I’m sure when we met two years ago, when we were all coming to grips with the spread of this new virus, that none of us would have imagined we would now be entering the third year of the pandemic.
So when will it end? Is it ending now? That’s one of the major questions being asked.
Indeed, high vaccine coverage in some countries, combined with the lower severity of Omicron, is driving a dangerous narrative that the pandemic is over.
But it’s not – not when 70 thousand people a week are dying from a preventable and treatable disease;
Not when 83% of the population of Africa is yet to receive a single dose of vaccine;
Not when health systems continue to strain and crack under the caseload;
Not when we have a highly transmissible virus circulating almost unchecked, with too little surveillance to track its evolution.
In fact, the conditions are ideal for more transmissible, more dangerous variants to emerge.
But we can end the pandemic as a global health emergency this year.
We have the tools. We have the know-how.
In particular, we are calling on all countries to fill the urgent financing gap of US$ 16 billion for the ACT Accelerator, to make vaccines, tests, treatments and PPE available everywhere.
Compared with the costs of another year of economic turmoil, 16 billion dollars is frankly peanuts. And some finance ministers called it a rounding error to the money they are losing due to the pandemic.
Ending this pandemic must remain our focus.
At the same time, we must learn the lessons it is teaching us.
As you know, there have been many reviews of the global response to this pandemic, with more than 200 recommendations.
Taking those recommendations into account, last month WHO’s Executive Board tasked me with developing a set of proposals on strengthening the global architecture for pandemic prevention, preparedness and response, to be considered by all Member States at the World Health Assembly in May.
In brief, I see three key pillars of that architecture.
First, we need stronger governance. I think that has been raised by the panelists.
Instead of the confusion and incoherence that has fueled this pandemic, we need cooperation and collaboration in the face of common threats, that can address the trust deficit that we have seen.
At a Special Session of the World Health Assembly at the end of last year, WHO’s 194 Member States agreed to negotiate a new legally-binding instrument, to set the rules of the game for pandemic prevention, preparedness and response.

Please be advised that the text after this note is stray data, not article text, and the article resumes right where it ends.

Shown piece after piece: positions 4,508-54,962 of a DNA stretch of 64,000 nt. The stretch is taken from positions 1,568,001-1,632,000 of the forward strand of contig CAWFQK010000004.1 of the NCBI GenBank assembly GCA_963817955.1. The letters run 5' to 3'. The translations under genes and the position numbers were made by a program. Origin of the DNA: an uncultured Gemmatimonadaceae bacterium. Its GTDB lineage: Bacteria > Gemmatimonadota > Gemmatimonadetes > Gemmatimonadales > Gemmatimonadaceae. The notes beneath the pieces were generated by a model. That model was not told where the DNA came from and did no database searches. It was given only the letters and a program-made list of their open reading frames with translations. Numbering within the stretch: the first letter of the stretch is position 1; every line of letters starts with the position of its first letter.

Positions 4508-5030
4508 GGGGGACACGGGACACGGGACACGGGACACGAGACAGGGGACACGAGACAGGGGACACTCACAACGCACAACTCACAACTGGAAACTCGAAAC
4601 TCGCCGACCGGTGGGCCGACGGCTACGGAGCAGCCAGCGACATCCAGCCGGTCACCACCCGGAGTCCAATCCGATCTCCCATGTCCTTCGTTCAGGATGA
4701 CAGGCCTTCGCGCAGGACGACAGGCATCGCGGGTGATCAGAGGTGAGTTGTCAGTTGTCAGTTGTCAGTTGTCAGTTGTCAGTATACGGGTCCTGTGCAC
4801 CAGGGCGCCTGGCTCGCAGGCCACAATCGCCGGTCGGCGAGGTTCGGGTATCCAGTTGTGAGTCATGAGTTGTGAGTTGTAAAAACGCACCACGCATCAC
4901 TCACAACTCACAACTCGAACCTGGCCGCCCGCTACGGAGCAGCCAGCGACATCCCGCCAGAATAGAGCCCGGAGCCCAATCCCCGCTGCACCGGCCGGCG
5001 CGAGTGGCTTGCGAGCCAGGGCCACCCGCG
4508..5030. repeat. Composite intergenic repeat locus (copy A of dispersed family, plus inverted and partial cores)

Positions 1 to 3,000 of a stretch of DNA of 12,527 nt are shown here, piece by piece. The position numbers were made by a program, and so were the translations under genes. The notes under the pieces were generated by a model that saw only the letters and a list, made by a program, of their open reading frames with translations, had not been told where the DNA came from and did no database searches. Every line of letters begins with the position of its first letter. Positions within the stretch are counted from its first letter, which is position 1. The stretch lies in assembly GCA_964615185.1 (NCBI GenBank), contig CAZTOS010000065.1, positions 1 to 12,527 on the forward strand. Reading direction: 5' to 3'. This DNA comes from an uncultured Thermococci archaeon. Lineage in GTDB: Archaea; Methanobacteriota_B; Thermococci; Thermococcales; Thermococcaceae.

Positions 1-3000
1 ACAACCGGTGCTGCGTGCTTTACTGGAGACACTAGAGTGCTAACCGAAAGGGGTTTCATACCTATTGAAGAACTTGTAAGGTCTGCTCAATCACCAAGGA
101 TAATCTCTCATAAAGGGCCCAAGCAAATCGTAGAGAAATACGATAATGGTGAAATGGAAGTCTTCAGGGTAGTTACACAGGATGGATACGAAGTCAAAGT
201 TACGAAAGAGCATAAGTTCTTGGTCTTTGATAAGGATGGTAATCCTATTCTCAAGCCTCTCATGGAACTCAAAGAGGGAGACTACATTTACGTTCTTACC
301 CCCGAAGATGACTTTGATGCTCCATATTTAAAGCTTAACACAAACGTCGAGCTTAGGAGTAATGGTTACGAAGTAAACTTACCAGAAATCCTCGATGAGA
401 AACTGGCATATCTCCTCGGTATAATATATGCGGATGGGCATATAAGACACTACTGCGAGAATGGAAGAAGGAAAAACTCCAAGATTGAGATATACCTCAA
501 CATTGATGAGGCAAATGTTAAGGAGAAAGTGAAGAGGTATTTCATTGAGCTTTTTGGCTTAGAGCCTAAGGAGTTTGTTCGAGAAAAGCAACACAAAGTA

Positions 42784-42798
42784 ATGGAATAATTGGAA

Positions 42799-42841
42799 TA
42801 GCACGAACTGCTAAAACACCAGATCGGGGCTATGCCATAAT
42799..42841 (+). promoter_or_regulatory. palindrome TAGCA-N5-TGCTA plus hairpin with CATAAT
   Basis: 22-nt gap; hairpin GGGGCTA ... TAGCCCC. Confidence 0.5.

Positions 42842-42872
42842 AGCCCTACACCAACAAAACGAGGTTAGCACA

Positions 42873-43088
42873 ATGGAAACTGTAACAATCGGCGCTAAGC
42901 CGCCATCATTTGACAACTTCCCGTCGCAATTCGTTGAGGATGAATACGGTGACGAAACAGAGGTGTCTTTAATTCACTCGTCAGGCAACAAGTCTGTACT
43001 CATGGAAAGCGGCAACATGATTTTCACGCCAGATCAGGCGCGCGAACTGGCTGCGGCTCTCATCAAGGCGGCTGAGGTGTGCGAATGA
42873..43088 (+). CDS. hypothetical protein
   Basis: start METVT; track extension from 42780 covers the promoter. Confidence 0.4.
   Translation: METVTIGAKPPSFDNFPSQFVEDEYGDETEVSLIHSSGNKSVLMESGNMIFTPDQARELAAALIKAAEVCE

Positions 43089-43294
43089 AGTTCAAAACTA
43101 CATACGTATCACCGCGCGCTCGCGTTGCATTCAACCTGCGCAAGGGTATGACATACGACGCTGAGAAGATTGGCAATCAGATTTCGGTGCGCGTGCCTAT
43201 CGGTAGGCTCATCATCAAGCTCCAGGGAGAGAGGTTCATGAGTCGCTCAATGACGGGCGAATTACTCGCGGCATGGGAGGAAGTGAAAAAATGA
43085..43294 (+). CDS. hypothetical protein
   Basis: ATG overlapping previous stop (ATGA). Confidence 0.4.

WHO also supports the recommendation for a heads of state council, to provide high-level political leadership for rapid and coordinated action.
In our view, such a council must be anchored in the constitutional mandate of WHO, to ensure political, strategic and technical coherence.
Second, we need stronger systems and tools to prevent, detect, and respond rapidly to epidemics and pandemics.
Already, WHO has taken steps to build some of these systems and tools, including the WHO Hub for Pandemic and Epidemic Intelligence in Berlin, to enhance global surveillance through collaborative intelligence;
We’re piloting the WHO BioHub System, a new mechanism for countries to share novel biological materials;
Several countries are now piloting the Universal Health and Preparedness Review, a new peer-review mechanism for enhancing national preparedness;
We established the ACT Accelerator, which has given us valuable experience and insights into how to fast-track equitable access to countermeasures;
And to strengthen capacities for local production of vaccines and other health products in low- and middle-income countries, we have established the WHO Technology Transfer Hub in South Africa, which has now developed its own mRNA COVID-19 vaccine candidate.
Today we announced the first six African countries to receive technology from the hub to produce their own mRNA vaccines: Egypt, Kenya, Nigeria, Senegal, South Africa and Tunisia. But above all, not only the systems and tools, the central point will be developing the workforce. And that is why we are building the WHO Academy in Lyon, France.
And third, we need stronger financing.
It’s obvious that nationally and globally, we need substantial resources for strengthening global health security. Our analysis estimates the needs at US$ 31 billion per year.
We estimate that about US$20 billion could come from existing and projected domestic and international resources, leaving a gap of US$ 10 billion per year.
To close the gap for the most essential functions – such as surveillance, research and market-shaping for countermeasures – we support the idea of a new dedicated financing facility, anchored in, and directed by, WHO’s a constitutional mandate, inclusive governance and technical expertise.
Any efforts to strengthen the global health security architecture can only succeed if they also strengthen WHO’s role at its centre, rather than creating further mechanisms that would only create further fragmentation and potentially leave the world less safe.
We especially appreciate Germany’s leadership of the Member States Working Group on Sustainable Financing, and we look forward to our continuing discussion with our Member States on ensuring WHO has the resources to meet the world’s expectations of it, as well as the accountability for delivering against those expectations.
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